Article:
When Integrity meets Cognitive Dissonance – The intellectual transformation from left to right

Interesting article:  Why Do Some Liberals Become Conservatives? by Jean Kaufman; a favorite subject that I see explored often since 9-11; but I’m guessing (hoping really) there will be a big  wave after the age of Obama.

But although they may not be interested in change, change is interested in them.  It usually begins with something external, some new information encountered seemingly by accident, something that starts to bug the person because it contradicts or doesn’t fit easily into his or her pre-existing framework. It’s like a buzzing fly that won’t quit and can’t be ignored. It causes discomfort, a sense of unease, and the disequilibrium that comes from the dilemma known as cognitive dissonance.

It’s such an unpleasant experience that people are usually eager to resolve it. How they do that is one point at which changers split off from non-changers. The latter group, if faced with that very same information, might just swat that fly — that is, in their discomfort at the knowledge that seems incongruous with their previous beliefs, they would either discredit the new information, minimize it, rationalize it, or shut it out entirely, thus ending the discomfort and the dilemma.

But those who ultimately end up as changers can’t seem to put it away that easily. For them, something once seen cannot be unseen. Perhaps they have a different habit of mind to begin with, one more accustomed to challenging its own beliefs and assumptions, one more uncomfortable with contradictions.

I’ve often cited Owen Harries, “Primer for Polemicists” as explaining the mechanism, and the remote possibility of changing someones mind.

Rule 1: Forget about trying to convert your adversary. In any serious ideological confrontation the chances of success on this score are so remote as to exclude it as a rational objective. On the very rare occasions when it does happen, it will be because the person converted has already and independently come to harbour serious doubts and is teetering on the edge of ideological defection. This is due, more often than not, to some outrageous action by his own side or some shocking revelation: witness the effects on members of Communist parties in the West of the Nazi-Soviet pact of 1939 and the Khrushchev speech of 1956. Then, but only then, a particular argument or example may provide the catalyst to complete the process. When that happens it should be treated as the equivalent of winning a lottery – bearing in mind Lord Bryce’s remark (actually made when discussing American presidential elections) that success in a lottery is no excuse for lotteries.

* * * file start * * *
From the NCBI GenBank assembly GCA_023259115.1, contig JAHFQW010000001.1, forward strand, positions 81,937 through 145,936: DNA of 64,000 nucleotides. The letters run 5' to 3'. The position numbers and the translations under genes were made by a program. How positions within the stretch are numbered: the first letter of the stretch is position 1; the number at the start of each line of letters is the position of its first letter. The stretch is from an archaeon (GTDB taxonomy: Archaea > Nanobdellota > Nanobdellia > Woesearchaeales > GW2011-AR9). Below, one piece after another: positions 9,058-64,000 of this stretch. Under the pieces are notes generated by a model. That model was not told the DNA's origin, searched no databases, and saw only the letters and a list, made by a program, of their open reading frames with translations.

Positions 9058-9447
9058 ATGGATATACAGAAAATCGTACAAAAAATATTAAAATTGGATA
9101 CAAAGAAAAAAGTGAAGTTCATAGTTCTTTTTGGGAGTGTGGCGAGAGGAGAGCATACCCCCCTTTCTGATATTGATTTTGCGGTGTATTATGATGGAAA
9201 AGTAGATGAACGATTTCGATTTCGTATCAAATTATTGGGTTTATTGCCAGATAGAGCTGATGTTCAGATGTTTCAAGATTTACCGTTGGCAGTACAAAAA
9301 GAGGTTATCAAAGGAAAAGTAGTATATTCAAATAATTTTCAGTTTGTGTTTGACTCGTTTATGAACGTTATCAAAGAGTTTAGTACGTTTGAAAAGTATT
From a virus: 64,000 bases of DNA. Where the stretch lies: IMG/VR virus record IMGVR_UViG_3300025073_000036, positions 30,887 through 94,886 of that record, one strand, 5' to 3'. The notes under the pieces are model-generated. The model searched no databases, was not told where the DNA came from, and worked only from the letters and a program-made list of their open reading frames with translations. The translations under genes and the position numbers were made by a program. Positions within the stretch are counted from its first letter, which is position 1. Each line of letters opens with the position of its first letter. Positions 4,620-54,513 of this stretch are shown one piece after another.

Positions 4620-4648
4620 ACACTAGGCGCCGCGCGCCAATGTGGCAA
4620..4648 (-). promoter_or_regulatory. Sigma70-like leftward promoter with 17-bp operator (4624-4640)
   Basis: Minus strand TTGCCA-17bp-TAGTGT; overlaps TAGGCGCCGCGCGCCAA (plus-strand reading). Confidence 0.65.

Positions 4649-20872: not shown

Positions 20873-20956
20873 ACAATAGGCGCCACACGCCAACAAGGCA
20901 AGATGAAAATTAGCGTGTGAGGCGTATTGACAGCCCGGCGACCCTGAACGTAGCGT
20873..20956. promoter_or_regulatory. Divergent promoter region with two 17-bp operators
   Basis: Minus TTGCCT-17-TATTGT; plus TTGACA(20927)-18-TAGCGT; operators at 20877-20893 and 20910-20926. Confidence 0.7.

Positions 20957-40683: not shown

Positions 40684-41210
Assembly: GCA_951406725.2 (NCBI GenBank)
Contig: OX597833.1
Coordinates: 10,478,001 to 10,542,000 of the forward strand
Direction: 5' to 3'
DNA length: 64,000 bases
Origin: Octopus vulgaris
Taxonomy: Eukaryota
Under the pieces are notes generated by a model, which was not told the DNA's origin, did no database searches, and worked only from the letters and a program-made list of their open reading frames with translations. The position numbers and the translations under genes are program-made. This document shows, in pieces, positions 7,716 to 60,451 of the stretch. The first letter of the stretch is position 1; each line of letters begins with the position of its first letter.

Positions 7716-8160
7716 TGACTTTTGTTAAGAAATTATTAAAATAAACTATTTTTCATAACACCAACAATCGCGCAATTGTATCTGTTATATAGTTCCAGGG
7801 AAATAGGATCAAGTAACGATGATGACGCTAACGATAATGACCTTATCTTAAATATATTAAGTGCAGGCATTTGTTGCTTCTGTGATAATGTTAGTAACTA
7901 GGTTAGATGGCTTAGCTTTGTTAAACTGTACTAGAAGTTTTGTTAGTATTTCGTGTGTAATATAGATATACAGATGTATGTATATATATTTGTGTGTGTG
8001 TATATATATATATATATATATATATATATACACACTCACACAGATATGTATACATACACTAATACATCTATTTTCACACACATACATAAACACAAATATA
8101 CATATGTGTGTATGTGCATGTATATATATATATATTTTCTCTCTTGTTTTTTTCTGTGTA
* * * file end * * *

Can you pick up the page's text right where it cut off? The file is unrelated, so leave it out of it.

This rule is important for two reasons: because beginners are likely to confuse polemical exchanges with genuine intellectual debate, in which persuading is a proper and sensible goal; and because, in the oddly symbiotic relationship that often develops in a prolonged polemic, even the experienced are susceptible of becoming fascinated by their adversaries.

However when you talk about the slow motion, steady drip conversion (no catalytic act or event); it relies on a Kaufman’s buzzing fly – the inability to dismiss cognitive dissonance via various defense mechanisms. I call this intellectual integrity.  

When a mother uses denial to deny her son is a murderer despite overwhelming evidence, one can understand the intense urgent and temporal psychic need which drives her denial.

In my opinion, when one can deploy all these defense mechanisms (avoidance being the most popular among liberals – as Klavan says “shut up!”) to shield one’s thinking from facts and the logical conclusions; over many years, it reflects dishonesty and “lack of integrity”. I don’t mean them as goddamn lying liars who lie (though they swarm in the professional liberal class).

Cognitive Dissonance is fundamentally the psychic pain caused what you feel or want to think by not being integrated with what you know. The pain caused by this dissonance has to exceed the fear of relinquishing prior beliefs which are held dear. 

I think it’s akin to rock bottom in alcoholics. Once you hit yours, its amazing how the floodgates open and you start to see past beliefs (and attendant behaviors) as insane. Why a Horowitz or a Mamet or a NeoNeocon end up as the most zealous proponents of challenging the insanity.


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